Program Directors and Coordinators
Keith D. Wilkinson, PhD
Dr. Keith D. Wilkinson, Professor and Vice Chair of Biochemistry and Director of the Graduate Division of Biological and Biomedical Sciences is the Director of the IMSD. Dr. Wilkinson received a BA in Chemistry from Albion College and did his MS and PhD studies at the University of Michigan where he worked on the mechanisms of flavoprotein catalysis. He joined the faculty at Emory in 1981 after postdoctoral studies at the Institute for Cancer Research at the Fox Chase Cancer Center in the laboratory of 2004 Nobel Prize winner Irwin A. Rose. He has been involved in the leadership of graduate education for over 30 years. Dr. Wilkinson served as the Director of Graduate Studies and as Program Director for the BCDB Program and has served on numerous dissertation and advisory committees at Emory. He has directed the GDBBS for ten years and also maintains an active research laboratory that studies the roles and functions of ubiquitin-dependent processes. He has trained over 20 MS, PhD and postdoctoral trainees; his most recent three graduates were all UR students. His administrative position as Director of the Graduate Division of Biological and Biomedical Sciences puts him in an ideal position to champion and direct the collaborative efforts to increase diversity in graduate education.
Patricia Marstellar, PhD
Pat Marsteller, PI, is a Professor of Practice in the department of biology. She has directed the HHMI initiatives since 1990 and the Center for Science Education since 1998. The Center for Science Education (CSE) promotes access, interest and participation in STEM careers. Our programs bolster science literacy and provide hands-on research and curriculum development experiences for students and faculty at the precollege, college and postgraduate levels. Through our student and curriculum development activities, we integrate research and education and help students explore the array of careers open to individuals with a solid background in science. She has been involved in special recruitment and retention efforts for students underrepresented in science for over 30 years. She developed the first summer undergraduate research program at Emory and continue to lead this program. She developed the Hughes Undergraduates Excelling in Science (HUES) program to assist underrepresented minority students successfully complete the introductory science courses. Since its inception, HUES has provided guidance and support for over 1000 underrepresented minorities throughout their Emory career in order to promote their performance in science and mathematics courses and their post-undergraduate pursuit of science-related careers. She has taken leadership roles in faculty and graduate student preparation in mentoring, teaching, communicating science and professional development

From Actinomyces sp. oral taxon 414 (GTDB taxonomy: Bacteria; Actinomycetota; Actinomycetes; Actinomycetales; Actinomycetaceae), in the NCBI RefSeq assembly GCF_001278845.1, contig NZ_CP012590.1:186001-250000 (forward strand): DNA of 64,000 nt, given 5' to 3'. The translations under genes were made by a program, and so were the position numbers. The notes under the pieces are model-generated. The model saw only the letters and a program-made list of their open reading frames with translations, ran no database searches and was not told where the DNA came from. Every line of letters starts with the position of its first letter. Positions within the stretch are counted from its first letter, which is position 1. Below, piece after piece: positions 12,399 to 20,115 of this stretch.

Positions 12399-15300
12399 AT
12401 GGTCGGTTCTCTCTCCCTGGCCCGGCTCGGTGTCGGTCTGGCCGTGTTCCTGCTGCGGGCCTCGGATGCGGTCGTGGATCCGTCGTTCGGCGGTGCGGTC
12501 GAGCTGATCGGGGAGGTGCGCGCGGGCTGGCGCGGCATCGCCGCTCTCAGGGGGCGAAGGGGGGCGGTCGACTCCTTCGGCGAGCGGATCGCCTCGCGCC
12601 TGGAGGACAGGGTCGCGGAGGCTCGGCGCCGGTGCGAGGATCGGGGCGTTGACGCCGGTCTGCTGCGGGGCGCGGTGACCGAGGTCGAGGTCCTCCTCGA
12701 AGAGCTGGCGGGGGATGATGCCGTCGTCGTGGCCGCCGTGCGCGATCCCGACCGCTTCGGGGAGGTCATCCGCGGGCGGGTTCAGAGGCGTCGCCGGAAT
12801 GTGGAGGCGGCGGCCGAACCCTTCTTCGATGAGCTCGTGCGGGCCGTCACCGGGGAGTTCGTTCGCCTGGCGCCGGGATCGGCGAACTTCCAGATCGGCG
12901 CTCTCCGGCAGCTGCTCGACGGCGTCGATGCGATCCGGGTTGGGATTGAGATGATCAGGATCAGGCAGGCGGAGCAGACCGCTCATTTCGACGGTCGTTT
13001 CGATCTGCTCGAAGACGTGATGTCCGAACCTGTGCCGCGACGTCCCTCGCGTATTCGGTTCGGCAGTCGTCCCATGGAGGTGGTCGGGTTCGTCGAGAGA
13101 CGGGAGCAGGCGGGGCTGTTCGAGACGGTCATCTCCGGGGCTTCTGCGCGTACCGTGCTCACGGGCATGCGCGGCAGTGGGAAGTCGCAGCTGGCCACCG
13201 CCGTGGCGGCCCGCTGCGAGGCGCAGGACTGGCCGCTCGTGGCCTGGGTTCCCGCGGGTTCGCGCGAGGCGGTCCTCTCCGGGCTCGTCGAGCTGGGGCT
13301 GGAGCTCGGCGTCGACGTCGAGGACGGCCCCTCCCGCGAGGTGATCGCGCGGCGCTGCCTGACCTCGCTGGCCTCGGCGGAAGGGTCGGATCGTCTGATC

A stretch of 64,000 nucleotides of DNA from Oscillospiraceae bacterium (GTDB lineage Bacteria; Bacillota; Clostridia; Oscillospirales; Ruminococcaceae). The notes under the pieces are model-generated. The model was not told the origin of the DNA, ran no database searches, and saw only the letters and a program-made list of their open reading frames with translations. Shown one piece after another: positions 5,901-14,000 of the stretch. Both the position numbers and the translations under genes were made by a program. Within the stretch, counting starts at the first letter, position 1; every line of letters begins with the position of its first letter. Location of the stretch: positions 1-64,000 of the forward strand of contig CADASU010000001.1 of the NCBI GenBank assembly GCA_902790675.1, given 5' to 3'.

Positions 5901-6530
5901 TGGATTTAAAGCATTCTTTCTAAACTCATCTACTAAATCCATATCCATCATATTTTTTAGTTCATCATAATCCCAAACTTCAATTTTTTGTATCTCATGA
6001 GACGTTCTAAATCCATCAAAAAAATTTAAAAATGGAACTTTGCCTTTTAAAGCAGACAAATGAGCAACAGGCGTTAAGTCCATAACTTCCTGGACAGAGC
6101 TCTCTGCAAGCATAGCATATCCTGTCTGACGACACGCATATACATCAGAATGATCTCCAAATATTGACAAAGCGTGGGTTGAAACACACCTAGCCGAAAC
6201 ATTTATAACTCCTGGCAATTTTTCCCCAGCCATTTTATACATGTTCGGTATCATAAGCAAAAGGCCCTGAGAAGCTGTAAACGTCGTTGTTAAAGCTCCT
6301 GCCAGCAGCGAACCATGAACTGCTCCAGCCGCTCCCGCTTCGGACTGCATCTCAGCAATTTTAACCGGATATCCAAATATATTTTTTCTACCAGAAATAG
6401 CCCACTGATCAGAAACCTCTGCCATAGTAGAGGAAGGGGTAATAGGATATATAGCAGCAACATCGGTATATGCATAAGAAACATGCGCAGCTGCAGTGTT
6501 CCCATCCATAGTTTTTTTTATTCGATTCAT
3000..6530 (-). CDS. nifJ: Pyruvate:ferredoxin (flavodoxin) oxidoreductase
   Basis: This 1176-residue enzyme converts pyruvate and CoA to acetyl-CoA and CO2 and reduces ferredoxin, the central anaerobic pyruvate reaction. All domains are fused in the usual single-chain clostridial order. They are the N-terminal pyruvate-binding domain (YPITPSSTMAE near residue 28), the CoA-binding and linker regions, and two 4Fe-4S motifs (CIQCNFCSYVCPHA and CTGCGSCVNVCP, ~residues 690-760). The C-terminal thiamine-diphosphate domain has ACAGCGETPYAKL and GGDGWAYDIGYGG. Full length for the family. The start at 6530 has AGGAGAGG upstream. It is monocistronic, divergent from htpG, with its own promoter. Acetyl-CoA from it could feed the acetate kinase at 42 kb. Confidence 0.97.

Edward (Eddie) T. Morgan, PhD
Edward T. (Eddie) Morgan, PhD, Graduate Coordinator. Dr. Morgan is Professor of Pharmacology and has been at Emory for 28 years. His graduate training was at the University of Glasgow in Scotland, and he was a postdoctoral fellow at the University of Michigan and the Karolinska Institute in Stockholm. His laboratory focuses on regulation of hepatic drug metabolizing enzymes in infectious and inflammatory diseases. He was Director of the Molecular and Systems Pharmacology (MSP) graduate program for 12 years, with another 7 years as Director of Graduate Studies of two different programs. Dr. Morgan has a long-standing commitment to the core goals of the IMSD program, to promote diversity in research training and in the scientific workforce.
Amanda Marie James, PhD
Dr. Amanda Marie James is the Senior Program Coordinator and Assistant Director for the IMSD program, after serving as the postdoctoral coordinator of the IMSD grant. Dr. James received a BS in Biochemistry from Spelman College and then received her doctoral degree in Clinical Pharmacology from the University of Alabama at Birmingham in 2013, and is recently finished a postdoctoral fellowship centered on research, STEM outreach, and diversity at both Emory University and Georgia Institute of Technology. Dr. James was an executive member of the Emory University Postdoctoral Association and the chair of the Minority Postdoctoral Council at Emory University. Her current research is focused on the identification and quantitation of microRNA to be used as biomarkers in Coronary Artery Disease. She is committed to enhancing the academic experience of a diverse group of scientists by developing and organizing networks of faculty members, postdoctoral fellows, and industry liaison mentors and by initiating conversations about how effective mentoring is essential for the success of all scientists. Dr. James also facilitates workshops on professionalism, early career development, and mentor selection and organizes seminars on innovating research across the campus.